View Count: 128 |  Publish Date: February 02, 2013
'A Thousand Morons,' by Quim Monzó
A Thousand MoronsBy Quim Monzó; translated from the Catalan by Peter Bush(Open Letter; 111 pages; $12.95 paperback)
Quim Monzó might just be the best writer youve never heard of. One could say hes Catalans best-known writer - in fact, the publicity materials for Monzós books in the English-language markets routinely say so. But given our cultures scant attention to literature in translation, such titles, however well meant, only accentuate a writers obscurity.
His latest, A Thousand Morons, is one of the strongest short-story collections Ive read in years. Out of material too bleak perhaps for mainstream tastes, Monzó has crafted the funniest prose.
The book is composed of two sections: seven more-substantial stories followed by a dozen brief tales or vignettes. The first section is bookended by stories set in a home for the aged and told by a middle-aged narrator coming to terms with his parents decline. In The Coming of Spring, the narrator recalls: Having sick leave for father was the proof that he knew how to get the most out of life. He uttered those same words - sick leave - with the same respect that other people utter the name of the king, the author of the best history book ever written or the scientist who has discovered the most sought after vaccine. Ive been given sick leave, he would say proudly. ... To succeed in running one lot of sick leave into another was his main aim in life.
In Love Is Eternal, a man runs into a former lover. Having initiated their breakup years earlier after discovering how horrible it is to live the life of a couple, he ambivalently participates in loves rekindling. One morning after the woman leaves for work, he discovers from some medical paperwork on her desk that she has cancer. Lunch with a mutual friend confirms that she has less than a year to live.
So why doesnt she tell him? Weeks go by and still not a word on the subject. Meanwhile, he grows fonder of her, and the shortness of her life expectancy eases his fear of commitment. He proposes they move in together; she agrees. He proposes marriage; she accepts. The year goes by: However, not only doesnt she die but when she sees pregnant women or mothers with children in prams she takes my arm and looks tenderly into my eyes.
Monzós characters are often entangled in self-created webs of contradiction. Those with clear objectives fare worse, being either downright delusional or having cast their lots with misplaced confidence. In Saturday, for instance, an elderly woman goes through her photographs and cuts out the face of her husband, who is presumably unfaithful and has moved out. But she finds that this is not enough: One object after another brings to mind her husband, and her fury cannot rest. Following the logic of association to its bitter end, she eventually removes the floor tiling and scrapes the paint off the walls.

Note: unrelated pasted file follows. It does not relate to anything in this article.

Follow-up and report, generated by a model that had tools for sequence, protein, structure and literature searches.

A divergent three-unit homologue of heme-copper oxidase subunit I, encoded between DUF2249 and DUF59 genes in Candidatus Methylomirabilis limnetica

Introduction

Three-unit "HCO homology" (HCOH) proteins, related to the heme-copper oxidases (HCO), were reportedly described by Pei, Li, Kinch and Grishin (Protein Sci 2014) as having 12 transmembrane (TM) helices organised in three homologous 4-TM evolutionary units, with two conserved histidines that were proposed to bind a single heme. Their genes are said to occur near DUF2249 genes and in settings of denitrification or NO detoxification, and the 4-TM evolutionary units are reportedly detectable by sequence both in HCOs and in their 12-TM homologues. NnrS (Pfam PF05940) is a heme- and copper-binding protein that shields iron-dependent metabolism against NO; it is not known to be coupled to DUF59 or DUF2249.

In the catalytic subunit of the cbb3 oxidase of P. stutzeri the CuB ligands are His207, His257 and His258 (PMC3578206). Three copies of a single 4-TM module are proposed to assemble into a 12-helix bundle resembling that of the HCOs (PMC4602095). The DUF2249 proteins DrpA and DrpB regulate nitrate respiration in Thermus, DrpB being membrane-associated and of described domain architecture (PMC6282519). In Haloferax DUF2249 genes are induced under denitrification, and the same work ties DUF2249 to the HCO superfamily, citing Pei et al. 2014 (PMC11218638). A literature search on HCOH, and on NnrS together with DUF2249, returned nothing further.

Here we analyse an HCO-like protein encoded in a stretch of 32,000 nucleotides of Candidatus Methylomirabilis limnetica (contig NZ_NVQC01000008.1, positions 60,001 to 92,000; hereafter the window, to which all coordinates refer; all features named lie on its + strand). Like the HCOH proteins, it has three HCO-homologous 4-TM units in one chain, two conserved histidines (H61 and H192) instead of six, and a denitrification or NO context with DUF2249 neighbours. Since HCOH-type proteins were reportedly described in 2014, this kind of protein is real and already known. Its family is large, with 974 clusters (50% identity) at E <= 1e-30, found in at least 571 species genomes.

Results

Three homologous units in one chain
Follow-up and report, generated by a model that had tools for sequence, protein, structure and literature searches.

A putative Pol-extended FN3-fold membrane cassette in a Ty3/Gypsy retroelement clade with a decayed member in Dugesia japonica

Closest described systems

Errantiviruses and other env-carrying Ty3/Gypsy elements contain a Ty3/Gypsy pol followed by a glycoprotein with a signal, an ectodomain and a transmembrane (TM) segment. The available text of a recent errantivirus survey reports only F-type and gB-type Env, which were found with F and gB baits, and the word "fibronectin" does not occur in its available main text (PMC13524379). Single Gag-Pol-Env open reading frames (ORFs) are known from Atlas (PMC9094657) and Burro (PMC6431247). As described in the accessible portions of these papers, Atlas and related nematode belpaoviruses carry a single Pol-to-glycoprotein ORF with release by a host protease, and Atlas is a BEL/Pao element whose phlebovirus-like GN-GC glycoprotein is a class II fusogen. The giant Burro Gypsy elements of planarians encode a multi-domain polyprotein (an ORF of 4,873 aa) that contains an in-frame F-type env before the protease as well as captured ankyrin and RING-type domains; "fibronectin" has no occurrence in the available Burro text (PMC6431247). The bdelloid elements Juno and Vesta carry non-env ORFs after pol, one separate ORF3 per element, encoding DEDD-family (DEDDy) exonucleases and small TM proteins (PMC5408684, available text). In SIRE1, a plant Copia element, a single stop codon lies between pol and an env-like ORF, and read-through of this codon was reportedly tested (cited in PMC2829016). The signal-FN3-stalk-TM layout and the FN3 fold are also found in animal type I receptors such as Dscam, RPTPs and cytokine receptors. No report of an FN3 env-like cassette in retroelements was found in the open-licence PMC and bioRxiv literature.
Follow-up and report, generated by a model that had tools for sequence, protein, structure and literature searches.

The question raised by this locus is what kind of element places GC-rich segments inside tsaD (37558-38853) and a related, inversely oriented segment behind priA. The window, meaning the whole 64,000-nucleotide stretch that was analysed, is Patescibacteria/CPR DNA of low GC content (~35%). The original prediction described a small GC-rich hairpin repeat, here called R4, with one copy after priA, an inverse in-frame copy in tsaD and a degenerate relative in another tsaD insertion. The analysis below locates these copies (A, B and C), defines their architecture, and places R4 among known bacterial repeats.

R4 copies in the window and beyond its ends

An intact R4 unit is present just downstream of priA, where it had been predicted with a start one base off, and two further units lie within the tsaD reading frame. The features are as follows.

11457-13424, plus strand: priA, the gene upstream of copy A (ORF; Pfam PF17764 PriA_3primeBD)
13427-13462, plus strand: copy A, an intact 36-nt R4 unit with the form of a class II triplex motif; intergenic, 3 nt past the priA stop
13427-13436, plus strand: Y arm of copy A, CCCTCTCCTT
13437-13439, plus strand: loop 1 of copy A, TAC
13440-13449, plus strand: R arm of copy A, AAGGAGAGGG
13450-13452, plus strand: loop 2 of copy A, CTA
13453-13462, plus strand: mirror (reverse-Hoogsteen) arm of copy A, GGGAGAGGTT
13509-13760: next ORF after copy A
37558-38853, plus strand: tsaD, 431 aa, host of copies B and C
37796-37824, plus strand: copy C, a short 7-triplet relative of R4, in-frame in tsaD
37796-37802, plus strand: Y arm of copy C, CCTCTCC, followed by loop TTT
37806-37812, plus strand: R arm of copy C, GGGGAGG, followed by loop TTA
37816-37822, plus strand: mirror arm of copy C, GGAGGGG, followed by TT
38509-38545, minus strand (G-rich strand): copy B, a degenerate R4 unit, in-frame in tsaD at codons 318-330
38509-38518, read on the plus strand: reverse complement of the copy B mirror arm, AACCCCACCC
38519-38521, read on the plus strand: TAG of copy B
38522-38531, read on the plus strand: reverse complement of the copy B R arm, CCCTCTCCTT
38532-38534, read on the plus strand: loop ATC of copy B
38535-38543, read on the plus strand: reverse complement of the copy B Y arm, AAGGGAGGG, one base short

Elsewhere, a young prince comes upon a sleeping princess: Conscious of his role in the story, the prince kisses her lovingly. It doesnt work, so he goes further. And further. And further still. Monzó risks sheer tastelessness before changing direction, with delightful results.
Filled with unassuming philosophical humor and unsentimental compassion, these stories expert pacing and confident shifts in tone could provide a master class for aspiring writers.
As a translator himself - he has produced Catalan versions of authors ranging from Thomas Hardy to Truman Capote - Monzó must surely appreciate the suppleness of Peter Bushs work here. Bush gives us Monzós subtle complexity without any of the clunky moments that can deform translations of comic writing in particular.
Credit must also go to Open Letter (an imprint of the University of Rochester), whose devotion to literature in translation and unpredictable roster have quietly made it one of the most important small presses in the country.
Gregory Leon Miller is a member of the National Book Critics Circle. He teaches film, literature and writing at California State University Bakersfield. E-mail:

 book   ever   hes   leave   life   sick   writer   sick leave   Monzó 

Picture Keywords
 book   ever   hes   leave   life   sick   writer   sick leave   Monzó 
Time: 16:44  |  News Code: 108432  |  Site: San Francisco Chronicle
Collecting News by Parset Crawler
Know more about Parset crawler